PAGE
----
Cooking Up Trouble

By: Judi Lynn

A Mill Pond Romance



ACKNOWLEDGMENTS

I’d like to thank my agent, Lauren Abramo, at Dystel and Goderich for being so patient and supportive of me. Without her I never would have tried to write romance. I didn’t think I could do it. She had faith in me though, and pushed me forward. I’m so happy she did.

I’d also like to thank my husband for always believing in me, whatever I try. And my daughters Holly and Robyn. Holly reads all of my roughest work and steers me in the right direction. Robyn’s the best cheerleader a mother could have.

I’d also like to thank Mary Lou Rigdon (who writes Regencies as Julia Donner) and Ann Staadt for being my trusted critique partners. They catch almost everything. And Paula Adams for prodding me to always add layers to my characters.

And thanks to my sisters Mary and Patty Thompson, who take me out to eat when I’m in a funk. And to Heidi Gatto who’s the best “adopted” daughter anyone could want.





Chapter 1

Buck Krieger was busy with another customer, so Tessa finished loading the last of the blueberry bushes into her old, beat-up pickup alone. She rubbed her lower back. Before making the drive here, one town over, she’d dug the holes for each and every bush, and her muscles felt it. The new patch was going in the long, rectangular plot on the east side of her property, right after the strawberry beds.

A breeze whipped strands of her tangled, coppery hair across her face. She scraped them behind her ears. She’d used the new, fancy combs her mother had sent her, but they couldn’t tame her thick, wild locks. She’d given up and tossed the combs into her purse. That’s what she got for trying to look feminine when she was doing outdoor work.

Her mom would be disappointed. Mom tried, bless her, sending make-up kits, wrapped in pearly pink paper, and certificates for facials or manicures. If Mom saw her fingernails this spring, she’d die of heart failure. Dirt rimmed every one of them. It was impossible to keep them clean when she worked in the gardens every day. That wasn’t even the worst of it. Mom would sit on her and smear sunscreen on her face if she saw the new sprinkle of freckles that peppered her nose and cheeks.

Bushes loaded, Tessa started down the narrow, nursery drive slow and easy. Winter had washed enough gullies in the gravel to make for a bumpy ride. She’d paid in advance, but Buck still stopped her to say his goodbyes. “You already have plenty of blueberries for jams. These are for pies, right?”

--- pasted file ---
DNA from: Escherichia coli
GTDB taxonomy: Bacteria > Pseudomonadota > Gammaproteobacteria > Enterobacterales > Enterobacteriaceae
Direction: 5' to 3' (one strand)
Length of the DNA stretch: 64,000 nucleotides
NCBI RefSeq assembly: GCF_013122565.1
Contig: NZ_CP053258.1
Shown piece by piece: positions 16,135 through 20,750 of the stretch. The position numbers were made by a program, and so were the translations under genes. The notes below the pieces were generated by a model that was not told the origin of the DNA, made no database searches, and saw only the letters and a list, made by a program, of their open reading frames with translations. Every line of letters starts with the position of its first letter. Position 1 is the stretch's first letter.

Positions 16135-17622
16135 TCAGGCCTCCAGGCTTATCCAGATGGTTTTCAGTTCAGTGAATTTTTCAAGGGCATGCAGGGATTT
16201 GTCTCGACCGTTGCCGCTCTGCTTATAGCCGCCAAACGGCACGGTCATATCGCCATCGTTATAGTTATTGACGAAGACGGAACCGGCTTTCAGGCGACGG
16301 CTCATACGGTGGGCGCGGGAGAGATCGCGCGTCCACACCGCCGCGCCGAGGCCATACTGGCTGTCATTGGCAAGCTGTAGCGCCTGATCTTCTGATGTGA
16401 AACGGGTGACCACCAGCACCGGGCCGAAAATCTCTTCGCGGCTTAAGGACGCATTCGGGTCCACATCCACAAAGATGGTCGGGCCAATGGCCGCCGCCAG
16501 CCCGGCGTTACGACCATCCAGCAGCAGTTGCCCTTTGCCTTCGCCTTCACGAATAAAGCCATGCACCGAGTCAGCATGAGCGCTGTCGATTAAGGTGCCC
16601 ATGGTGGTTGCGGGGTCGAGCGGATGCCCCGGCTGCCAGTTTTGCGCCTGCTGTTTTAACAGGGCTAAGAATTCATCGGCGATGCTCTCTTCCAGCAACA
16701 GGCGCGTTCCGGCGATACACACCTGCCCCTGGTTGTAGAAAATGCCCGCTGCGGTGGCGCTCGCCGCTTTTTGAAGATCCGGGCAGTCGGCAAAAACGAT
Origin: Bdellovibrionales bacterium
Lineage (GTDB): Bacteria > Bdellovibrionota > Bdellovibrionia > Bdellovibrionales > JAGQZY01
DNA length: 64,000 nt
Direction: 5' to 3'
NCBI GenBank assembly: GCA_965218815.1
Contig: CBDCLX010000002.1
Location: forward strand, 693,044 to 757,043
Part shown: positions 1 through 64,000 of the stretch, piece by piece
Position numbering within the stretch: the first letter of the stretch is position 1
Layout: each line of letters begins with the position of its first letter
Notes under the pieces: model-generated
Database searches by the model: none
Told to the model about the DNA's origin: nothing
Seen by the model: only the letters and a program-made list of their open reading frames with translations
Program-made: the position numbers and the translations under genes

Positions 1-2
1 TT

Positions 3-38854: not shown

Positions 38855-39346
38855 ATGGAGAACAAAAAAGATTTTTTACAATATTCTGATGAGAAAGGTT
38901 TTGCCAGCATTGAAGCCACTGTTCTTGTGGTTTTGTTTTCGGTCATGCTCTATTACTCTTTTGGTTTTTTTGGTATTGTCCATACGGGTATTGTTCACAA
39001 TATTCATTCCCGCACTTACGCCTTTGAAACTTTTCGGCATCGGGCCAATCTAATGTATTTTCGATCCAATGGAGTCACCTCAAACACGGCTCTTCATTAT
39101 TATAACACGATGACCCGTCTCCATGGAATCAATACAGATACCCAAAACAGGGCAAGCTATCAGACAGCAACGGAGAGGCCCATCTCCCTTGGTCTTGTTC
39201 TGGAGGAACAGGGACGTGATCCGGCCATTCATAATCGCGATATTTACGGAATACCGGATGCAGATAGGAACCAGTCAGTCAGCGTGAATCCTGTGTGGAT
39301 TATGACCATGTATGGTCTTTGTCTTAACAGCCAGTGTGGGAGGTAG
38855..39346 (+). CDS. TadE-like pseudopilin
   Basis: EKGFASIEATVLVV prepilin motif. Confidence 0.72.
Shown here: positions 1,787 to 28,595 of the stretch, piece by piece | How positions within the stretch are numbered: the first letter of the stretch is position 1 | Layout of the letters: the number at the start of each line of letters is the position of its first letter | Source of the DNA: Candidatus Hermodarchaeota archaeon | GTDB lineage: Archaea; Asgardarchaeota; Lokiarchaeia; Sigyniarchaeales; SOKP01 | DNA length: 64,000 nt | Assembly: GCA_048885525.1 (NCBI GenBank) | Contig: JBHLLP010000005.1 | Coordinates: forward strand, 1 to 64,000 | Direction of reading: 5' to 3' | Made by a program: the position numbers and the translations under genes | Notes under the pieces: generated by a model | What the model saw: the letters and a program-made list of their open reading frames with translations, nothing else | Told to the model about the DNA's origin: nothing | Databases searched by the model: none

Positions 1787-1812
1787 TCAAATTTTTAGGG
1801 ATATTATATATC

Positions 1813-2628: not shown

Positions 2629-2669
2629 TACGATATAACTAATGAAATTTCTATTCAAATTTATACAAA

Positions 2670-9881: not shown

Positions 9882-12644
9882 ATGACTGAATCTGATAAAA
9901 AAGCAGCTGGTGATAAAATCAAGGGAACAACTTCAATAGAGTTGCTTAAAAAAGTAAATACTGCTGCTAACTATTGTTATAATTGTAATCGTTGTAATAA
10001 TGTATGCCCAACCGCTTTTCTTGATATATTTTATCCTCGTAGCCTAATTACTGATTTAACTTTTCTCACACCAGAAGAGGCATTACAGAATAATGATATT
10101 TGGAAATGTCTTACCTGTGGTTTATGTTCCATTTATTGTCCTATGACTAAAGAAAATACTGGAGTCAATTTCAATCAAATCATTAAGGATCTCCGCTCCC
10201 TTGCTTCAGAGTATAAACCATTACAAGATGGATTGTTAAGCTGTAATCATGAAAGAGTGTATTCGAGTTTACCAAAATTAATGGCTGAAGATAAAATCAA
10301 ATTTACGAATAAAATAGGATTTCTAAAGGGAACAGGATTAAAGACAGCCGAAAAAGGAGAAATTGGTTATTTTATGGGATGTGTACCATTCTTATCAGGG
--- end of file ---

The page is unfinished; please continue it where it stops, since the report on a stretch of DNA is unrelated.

Tessa smiled and nodded. The man loved his pies. When she’d inherited her grandparents’ small farm, it came with plenty of orchards and berry patches, and he’d become a steady customer.

Buck leaned against her truck for a short chat. “People were in here, asking about you earlier today. Thought they’d drive out to your place and look you up.”

“I didn’t see anyone. I wasn’t at the house, though. I was working on my berry beds. Did you get their names?”

“Ann and Rich York. Seemed like nice folks.”

She couldn’t hide her surprise. No, make that worry. Why would they look her up? Gary’s parents had always been kind to her, welcomed her into their lives with open arms when Gary took her home to meet them. She gulped a deep breath.

Buck frowned. “Guess it’s a good thing you missed them.”

Tessa squared her shoulders. “They’re my ex’s mom and dad. Nice as can be, but I don’t need the memories.” It had been three years since she’d walked into Gary’s apartment and found Sadie in his arms. Three years since she’d taken off her engagement ring and hurled it at him. He’d called out to her when she stomped down the stairs, but what was there to say? It was over. Done.

Buck nodded. “Some things are best left in the past.”

She forced a smile. “Well, these bushes aren’t going to plant themselves. I’d better get going.”

Buck backed away from the pickup. His expression said he was sorry he’d ruined her day, but how could he know?

When she reached the country road at the end of Buck’s drive, she turned left toward her white bungalow and the acres it sat on. She’d turned the barn in the side yard into a farm stand and bakery. She closed the stand each winter and didn’t reopen until the first of May, two and a half weeks away, but she sold baked goods all year ’round on Fridays and Saturdays with special requests available by order.

She was halfway home, flying past farm fields, when she saw a sleek, black car parked on the side of the road. A dark-haired, lanky man stood beside it, waving his arms to get her attention. He wore a suit and black shoes that gleamed in the sunlight. She pulled up beside him and rolled down her window.

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